Summer Safety Tips for Dogs
Discover important summer safety tips to protect your furry friend from heatstroke, dehydration, and other hazards. Learn about proper hydration, sun protection, and more to ensure your dog's well-being during the hot summer months.
1. Keep Them Hydrated
In hot weather, dogs may need 2-3 times more water to stay hydrated. Keep a close eye on your pet’s water intake.
Make sure they have continual access to as much water as they need and want. It's not okay to let the dog bowl run dry for any length of time on a hot day.
2. Bring Them Indoors
Keep your pet out of intense heat for long periods of time. On particularly hot days, keep them inside during the middle of the day, if possible.
3. Make Sure They Have Shade All Day
As anyone who tries to nab the shady spot when they park their car knows well, shade moves. Your backyard may look comfortably protected in the morning when you leave for work. But what about mid-day and evening?
If your dog stays outdoors, make sure they have enough freedom to move around the yard to reach the shady well-vented areas.
A dog house may become a sauna on a hot summer day because of poor airflow, so it shouldn't be their only shade source.
4. Encourage Activity at Appropriate Times
The best time for summer play is in the morning or evening before it heats up or when it is cooling off. If activity does happen in the heat of the day, consider exercise that doesn’t cause as much exertion or promotes cooling, like swimming or short walks.
5. Take Action If You Notice Signs and Symptoms
It's one thing to try to prevent your dog's overheating. But what if you already notice more serious signs of heat exhaustion and impending heatstroke?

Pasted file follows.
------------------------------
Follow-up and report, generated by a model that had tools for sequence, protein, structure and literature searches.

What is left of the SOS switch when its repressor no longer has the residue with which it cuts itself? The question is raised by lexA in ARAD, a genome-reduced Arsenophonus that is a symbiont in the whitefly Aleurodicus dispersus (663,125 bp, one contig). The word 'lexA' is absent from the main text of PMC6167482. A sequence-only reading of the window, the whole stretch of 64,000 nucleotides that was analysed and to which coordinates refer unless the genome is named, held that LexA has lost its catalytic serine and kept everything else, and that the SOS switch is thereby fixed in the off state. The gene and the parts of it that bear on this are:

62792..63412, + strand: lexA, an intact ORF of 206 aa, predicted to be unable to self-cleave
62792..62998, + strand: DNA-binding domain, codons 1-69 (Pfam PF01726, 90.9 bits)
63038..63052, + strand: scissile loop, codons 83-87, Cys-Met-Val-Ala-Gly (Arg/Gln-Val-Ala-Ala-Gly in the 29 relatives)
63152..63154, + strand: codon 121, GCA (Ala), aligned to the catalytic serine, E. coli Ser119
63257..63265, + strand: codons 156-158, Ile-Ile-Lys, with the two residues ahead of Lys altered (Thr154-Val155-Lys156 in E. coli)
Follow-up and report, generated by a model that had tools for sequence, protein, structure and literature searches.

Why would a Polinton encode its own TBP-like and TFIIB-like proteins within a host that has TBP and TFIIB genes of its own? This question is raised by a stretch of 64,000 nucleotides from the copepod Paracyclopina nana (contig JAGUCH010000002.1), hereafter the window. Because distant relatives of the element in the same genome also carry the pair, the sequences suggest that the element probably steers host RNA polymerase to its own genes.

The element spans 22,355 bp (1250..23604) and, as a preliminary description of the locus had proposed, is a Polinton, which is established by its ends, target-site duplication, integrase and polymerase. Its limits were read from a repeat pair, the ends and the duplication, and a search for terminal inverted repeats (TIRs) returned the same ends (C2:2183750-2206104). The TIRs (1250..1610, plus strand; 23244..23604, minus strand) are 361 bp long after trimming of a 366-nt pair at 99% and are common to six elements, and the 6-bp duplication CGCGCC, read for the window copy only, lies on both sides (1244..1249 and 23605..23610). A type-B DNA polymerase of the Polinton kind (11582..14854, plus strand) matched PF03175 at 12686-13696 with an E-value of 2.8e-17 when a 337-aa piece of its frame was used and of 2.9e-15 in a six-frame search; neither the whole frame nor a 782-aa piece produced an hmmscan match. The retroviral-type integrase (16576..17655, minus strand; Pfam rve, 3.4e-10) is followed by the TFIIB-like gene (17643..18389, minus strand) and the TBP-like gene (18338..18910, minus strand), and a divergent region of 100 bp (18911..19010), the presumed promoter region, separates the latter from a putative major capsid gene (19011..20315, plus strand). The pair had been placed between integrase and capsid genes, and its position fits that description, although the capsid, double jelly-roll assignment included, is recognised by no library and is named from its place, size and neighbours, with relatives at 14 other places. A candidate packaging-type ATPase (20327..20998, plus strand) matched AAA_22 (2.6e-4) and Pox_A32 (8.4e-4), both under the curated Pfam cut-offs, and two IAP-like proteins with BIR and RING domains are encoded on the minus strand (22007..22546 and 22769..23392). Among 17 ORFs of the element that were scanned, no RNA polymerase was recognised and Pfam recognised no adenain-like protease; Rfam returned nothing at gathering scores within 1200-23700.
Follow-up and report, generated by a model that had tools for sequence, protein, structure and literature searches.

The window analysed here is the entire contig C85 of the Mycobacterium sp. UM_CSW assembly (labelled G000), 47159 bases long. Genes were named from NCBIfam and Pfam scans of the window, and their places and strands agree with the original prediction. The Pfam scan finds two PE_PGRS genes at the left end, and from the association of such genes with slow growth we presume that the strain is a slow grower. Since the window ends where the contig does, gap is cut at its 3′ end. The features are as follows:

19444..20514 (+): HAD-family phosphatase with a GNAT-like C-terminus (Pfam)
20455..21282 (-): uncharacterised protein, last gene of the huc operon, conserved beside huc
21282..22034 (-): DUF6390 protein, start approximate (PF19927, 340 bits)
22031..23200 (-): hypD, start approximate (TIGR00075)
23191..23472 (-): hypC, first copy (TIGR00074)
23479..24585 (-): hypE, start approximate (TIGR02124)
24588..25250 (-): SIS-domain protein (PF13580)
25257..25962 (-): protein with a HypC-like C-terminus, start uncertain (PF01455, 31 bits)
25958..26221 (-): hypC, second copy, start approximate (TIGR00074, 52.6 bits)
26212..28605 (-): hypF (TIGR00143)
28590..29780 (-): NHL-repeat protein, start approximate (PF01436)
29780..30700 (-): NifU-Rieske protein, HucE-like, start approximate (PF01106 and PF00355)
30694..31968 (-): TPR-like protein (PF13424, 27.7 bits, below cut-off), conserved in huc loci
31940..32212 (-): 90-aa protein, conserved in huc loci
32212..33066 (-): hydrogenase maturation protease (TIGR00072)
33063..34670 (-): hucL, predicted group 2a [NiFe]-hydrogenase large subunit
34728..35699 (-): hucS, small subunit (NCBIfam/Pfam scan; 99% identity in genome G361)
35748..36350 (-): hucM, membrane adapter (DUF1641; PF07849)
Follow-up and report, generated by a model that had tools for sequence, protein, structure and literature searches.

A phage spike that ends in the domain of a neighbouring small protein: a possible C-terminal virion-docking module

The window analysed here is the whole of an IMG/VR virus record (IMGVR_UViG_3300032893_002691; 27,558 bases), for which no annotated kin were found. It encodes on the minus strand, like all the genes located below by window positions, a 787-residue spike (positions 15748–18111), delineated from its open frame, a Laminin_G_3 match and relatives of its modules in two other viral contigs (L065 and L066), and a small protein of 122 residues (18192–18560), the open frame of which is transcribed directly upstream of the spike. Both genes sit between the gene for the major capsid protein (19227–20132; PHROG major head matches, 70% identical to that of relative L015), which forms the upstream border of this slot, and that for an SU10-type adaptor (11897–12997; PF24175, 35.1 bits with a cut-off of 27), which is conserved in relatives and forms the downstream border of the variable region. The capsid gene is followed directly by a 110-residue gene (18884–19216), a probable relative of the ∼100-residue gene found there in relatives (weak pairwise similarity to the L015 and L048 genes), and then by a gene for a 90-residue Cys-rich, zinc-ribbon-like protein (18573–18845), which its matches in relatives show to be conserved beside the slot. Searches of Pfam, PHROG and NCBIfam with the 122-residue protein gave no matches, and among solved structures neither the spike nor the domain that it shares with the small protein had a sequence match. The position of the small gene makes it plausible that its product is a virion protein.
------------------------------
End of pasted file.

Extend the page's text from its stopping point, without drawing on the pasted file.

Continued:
Get the hose out and spray them down or put your sprinkler out. Much like sweat, that water will evaporate, creating a cooling experience outside for a little while.
If needed, place a box fan on low outside (not in the water) to cool the water you sprayed around the yard rapidly. This will bring both the yard and dog temperature down. Place the dog in front of the fan if possible.
Contrary to popular myth, you should not give them ice water or put ice in the tub/sink with them. Rapid cooling for a state of overheating can be equally dangerous. Regular cold-ish tap water is fine and will seem colder than it is to your dog because they're overheating.
Most importantly, when you start to notice signs and symptoms of overheating or heatstroke, contact your dog's veterinarian immediately.
Watching for and Preventing Overheating in Dogs
Overheating in dogs happens when your dog can no longer regulate their internal temperature. An overheating dog may excessively pant and drool. They may look lethargic, vomit, collapse, and even convulse. With the latter signs, this is a veterinary emergency.
You can take steps to prevent your dogs from overheating like making sure they have adequate water and shade all day. Spraying the yard and dog with water and putting a box fan outside can also help your dog cool down.
Remember: If your dog is suffering from heat exhaustion, their body has stopped regulating heat. Their core temperature is rising fast, and this is an emergency.
Heat strokes can be life-threatening. It’s critical to get their temperature down, ensure they are self-regulating again, and assess them for possible injury from the overheating. If you are concerned your pet may be under heat stress, call your vet to apprise them, wet your pet down with a hose, and drive to the hospital with the car windows down to promote ventilation.
To learn more about preventing overheating and keeping your dog cool in the hot summer sun, contact our team at Ballantyne Veterinary Clinic today.